Tuesday, February 1, 2011

The King's Speech

If I am King, where is my power? Can I declare war? Form a government? Levy a tax? No! And yet I am the seat of all authority because they think that when I speak, I speak for them. But I can't speak.     
This powerful quote from The King's Speech sums up the heart of Tom Hooper's beautifully effective period drama. When the Academy nominations were announced, The King's Speech had nominations in all the most prestigious categories including Best Picture as well as acting, directing, and technical categories. But beyond a movie that seems tailored to be traditional Academy bait lies a deeply personal and sympathetic story about an ordinary man with relatively ordinary fears forced into an extraordinary situation.

     The story of The King's Speech centers around the Duke of York, or Albert (later given the title King George VI). Albert is the son of a king, and soon to be the brother of a king. Having grown up in the shadow of his father and his brother destined to be king, Albert is not groomed for the public eye. He keeps to himself and quietly attends dinners and functions as a prop to the Royal Family. He bows politely and keeps his wife on his arm and shies away from too much publicity, which works best for him because his speech impediment has been deemed an unforgivable flaw by the British subjects, as well as his own family. Albert's champion is his wife Elizabeth, who stands by him and listens attentively to his painful and forced speechmaking even as the entire nation yawns and whispers amongst themselves. What begins as a standard quest to overcome the obstacle of a crippling stammer becomes a crucial journey of personal discovery as the British Empire turns to an unready Albert for leadership with World War II looming precariously ahead.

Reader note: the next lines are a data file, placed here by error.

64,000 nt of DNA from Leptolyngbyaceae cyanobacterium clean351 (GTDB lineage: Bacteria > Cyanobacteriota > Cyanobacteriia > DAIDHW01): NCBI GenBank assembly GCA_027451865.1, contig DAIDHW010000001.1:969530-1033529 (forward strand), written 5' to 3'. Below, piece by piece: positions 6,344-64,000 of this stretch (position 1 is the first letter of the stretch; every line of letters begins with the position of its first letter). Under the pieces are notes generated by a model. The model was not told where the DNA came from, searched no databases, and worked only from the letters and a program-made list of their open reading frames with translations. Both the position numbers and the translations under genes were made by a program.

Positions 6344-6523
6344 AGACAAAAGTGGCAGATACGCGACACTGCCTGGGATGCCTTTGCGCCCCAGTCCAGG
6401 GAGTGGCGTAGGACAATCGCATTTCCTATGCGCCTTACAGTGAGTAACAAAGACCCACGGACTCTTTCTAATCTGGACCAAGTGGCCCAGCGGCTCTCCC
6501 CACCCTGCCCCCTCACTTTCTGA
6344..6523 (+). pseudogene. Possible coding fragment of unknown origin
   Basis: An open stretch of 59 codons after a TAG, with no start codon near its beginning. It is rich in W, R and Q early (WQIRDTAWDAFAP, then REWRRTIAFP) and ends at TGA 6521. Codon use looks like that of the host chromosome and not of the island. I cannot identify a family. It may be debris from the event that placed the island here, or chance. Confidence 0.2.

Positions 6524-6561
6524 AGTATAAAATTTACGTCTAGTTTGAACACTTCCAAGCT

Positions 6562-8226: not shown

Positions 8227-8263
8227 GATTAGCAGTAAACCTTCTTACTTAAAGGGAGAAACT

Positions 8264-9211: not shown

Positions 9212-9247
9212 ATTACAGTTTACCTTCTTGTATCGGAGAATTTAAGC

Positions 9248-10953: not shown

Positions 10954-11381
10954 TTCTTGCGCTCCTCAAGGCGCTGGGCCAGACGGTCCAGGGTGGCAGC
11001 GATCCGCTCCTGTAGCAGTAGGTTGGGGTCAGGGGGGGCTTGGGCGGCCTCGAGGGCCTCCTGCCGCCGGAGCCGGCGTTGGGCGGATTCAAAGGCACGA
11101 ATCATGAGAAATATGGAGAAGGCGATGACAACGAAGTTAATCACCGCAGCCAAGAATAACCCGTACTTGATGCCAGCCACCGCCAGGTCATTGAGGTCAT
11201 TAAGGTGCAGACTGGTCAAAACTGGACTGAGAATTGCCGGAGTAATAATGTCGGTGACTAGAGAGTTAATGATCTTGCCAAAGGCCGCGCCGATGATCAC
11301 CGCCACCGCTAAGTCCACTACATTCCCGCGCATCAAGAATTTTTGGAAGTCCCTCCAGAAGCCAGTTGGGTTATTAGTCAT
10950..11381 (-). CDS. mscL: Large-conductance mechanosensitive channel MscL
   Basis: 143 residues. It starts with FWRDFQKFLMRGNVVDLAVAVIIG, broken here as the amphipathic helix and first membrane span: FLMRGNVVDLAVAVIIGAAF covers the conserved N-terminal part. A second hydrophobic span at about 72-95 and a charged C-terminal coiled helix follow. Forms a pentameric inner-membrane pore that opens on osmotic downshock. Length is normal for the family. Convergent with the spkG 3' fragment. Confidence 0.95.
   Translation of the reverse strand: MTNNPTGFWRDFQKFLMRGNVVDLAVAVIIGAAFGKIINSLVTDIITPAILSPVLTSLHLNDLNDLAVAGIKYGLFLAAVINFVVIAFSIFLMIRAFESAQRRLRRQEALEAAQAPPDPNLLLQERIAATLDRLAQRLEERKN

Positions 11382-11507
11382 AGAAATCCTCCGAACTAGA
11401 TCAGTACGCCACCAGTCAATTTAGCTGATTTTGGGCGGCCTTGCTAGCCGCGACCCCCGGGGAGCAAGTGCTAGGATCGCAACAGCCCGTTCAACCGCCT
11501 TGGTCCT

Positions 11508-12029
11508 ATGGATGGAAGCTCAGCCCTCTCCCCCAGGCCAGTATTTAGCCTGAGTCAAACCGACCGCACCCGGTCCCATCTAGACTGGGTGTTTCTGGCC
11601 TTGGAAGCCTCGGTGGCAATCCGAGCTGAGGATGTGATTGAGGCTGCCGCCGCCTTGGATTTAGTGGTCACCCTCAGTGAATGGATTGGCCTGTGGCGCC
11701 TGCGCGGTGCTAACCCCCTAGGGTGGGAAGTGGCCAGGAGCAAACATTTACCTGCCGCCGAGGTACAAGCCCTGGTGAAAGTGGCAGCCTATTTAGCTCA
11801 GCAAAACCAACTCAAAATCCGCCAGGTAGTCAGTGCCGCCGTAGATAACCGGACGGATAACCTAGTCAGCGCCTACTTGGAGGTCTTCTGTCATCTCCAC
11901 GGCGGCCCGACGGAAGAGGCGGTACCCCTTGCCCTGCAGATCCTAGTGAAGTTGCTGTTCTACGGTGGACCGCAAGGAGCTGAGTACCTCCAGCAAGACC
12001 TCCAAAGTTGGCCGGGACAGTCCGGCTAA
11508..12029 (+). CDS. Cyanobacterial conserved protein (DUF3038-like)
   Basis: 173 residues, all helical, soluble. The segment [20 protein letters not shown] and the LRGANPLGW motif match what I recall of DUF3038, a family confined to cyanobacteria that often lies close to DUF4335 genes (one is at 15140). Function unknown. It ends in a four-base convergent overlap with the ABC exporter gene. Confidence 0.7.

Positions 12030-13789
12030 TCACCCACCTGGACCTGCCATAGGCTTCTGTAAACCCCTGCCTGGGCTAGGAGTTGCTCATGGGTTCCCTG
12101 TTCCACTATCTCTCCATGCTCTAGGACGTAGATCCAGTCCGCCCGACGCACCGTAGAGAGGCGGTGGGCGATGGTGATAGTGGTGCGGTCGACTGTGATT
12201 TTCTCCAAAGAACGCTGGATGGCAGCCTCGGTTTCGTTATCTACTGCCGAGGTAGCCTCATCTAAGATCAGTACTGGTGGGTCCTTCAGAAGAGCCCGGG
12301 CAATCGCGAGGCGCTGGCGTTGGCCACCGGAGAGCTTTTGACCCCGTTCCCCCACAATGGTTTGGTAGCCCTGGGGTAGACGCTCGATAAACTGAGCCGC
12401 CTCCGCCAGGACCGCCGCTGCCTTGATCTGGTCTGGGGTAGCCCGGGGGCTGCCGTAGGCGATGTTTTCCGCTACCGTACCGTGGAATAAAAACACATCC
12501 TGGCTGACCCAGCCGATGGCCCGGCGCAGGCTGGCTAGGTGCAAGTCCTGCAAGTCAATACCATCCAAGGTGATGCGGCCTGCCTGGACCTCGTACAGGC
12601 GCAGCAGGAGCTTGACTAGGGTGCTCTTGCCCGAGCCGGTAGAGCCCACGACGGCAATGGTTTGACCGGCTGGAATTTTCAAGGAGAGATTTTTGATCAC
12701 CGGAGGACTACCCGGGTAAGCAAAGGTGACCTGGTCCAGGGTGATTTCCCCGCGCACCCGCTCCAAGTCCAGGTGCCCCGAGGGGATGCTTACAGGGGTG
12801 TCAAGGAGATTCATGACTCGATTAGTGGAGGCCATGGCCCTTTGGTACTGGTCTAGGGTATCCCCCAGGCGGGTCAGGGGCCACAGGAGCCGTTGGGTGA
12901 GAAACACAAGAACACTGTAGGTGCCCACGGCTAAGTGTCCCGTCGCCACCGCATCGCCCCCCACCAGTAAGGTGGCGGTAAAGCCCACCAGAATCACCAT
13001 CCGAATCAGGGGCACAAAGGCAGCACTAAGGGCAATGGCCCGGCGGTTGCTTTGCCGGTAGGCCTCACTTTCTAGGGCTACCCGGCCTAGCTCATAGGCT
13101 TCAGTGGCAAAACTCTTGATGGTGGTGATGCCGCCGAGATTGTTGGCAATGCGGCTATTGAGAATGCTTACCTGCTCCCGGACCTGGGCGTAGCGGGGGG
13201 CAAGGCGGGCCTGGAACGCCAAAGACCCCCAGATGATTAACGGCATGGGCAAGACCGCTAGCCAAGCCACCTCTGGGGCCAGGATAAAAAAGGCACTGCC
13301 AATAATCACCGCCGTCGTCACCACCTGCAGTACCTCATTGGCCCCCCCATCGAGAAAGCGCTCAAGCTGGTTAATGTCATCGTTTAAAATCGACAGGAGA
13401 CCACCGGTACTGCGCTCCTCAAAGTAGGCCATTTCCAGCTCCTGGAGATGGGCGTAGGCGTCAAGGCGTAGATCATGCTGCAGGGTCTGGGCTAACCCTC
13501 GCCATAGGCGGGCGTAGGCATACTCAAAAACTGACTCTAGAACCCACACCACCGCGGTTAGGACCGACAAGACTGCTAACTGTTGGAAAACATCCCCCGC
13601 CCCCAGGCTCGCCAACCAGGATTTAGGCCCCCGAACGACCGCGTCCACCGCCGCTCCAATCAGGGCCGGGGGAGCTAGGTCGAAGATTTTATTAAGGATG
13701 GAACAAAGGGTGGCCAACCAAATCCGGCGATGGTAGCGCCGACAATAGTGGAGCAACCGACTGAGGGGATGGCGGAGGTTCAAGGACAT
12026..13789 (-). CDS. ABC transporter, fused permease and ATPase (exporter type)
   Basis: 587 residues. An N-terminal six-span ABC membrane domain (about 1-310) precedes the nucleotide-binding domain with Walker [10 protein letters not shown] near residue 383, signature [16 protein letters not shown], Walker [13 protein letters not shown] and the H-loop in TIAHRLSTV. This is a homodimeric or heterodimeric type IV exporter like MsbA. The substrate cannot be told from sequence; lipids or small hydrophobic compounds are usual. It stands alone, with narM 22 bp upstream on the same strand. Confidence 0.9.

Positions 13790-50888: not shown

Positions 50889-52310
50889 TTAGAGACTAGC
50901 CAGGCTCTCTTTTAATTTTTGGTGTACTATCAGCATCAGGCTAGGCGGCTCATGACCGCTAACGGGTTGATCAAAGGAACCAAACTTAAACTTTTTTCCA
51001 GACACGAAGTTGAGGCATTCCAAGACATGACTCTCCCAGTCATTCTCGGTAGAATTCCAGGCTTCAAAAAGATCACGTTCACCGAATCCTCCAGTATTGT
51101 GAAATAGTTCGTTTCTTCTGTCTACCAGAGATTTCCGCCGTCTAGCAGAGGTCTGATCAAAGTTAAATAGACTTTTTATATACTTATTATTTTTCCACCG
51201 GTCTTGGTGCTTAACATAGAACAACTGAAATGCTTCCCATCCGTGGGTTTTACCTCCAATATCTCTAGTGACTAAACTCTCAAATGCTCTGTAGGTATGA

Initially, a movie about a monarch's inability to converse without an embarrassing stammer seems much too straightforward and unvarying to carry an entire movie, but this is where the actors shine with a masterfully crafted screenplay. Colin Firth is currently a favorite to win the Academy Award for Best Actor in a Leading Role for his portrayal of King George VI-- an accolade that would be well-deserved. Firth not only grasps the stammering speech patterns with stunning accuracy, but he communicates in his eyes and facial movements how painful each forced experience is. The lack of self-confidence is written in his shifty eyes and twitching facial muscles as he labors on each word and fearfully casts glances at his ever-supportive wife for affirmation. When he is shown speaking publicly, he is legitimately terrified and visibly trembling, almost frozen in mortification. In private, he trips and fumbles his way through the verbal jungles of common conversational exchanges, barely able to convey a bedtime story to his unconditionally loving daughters.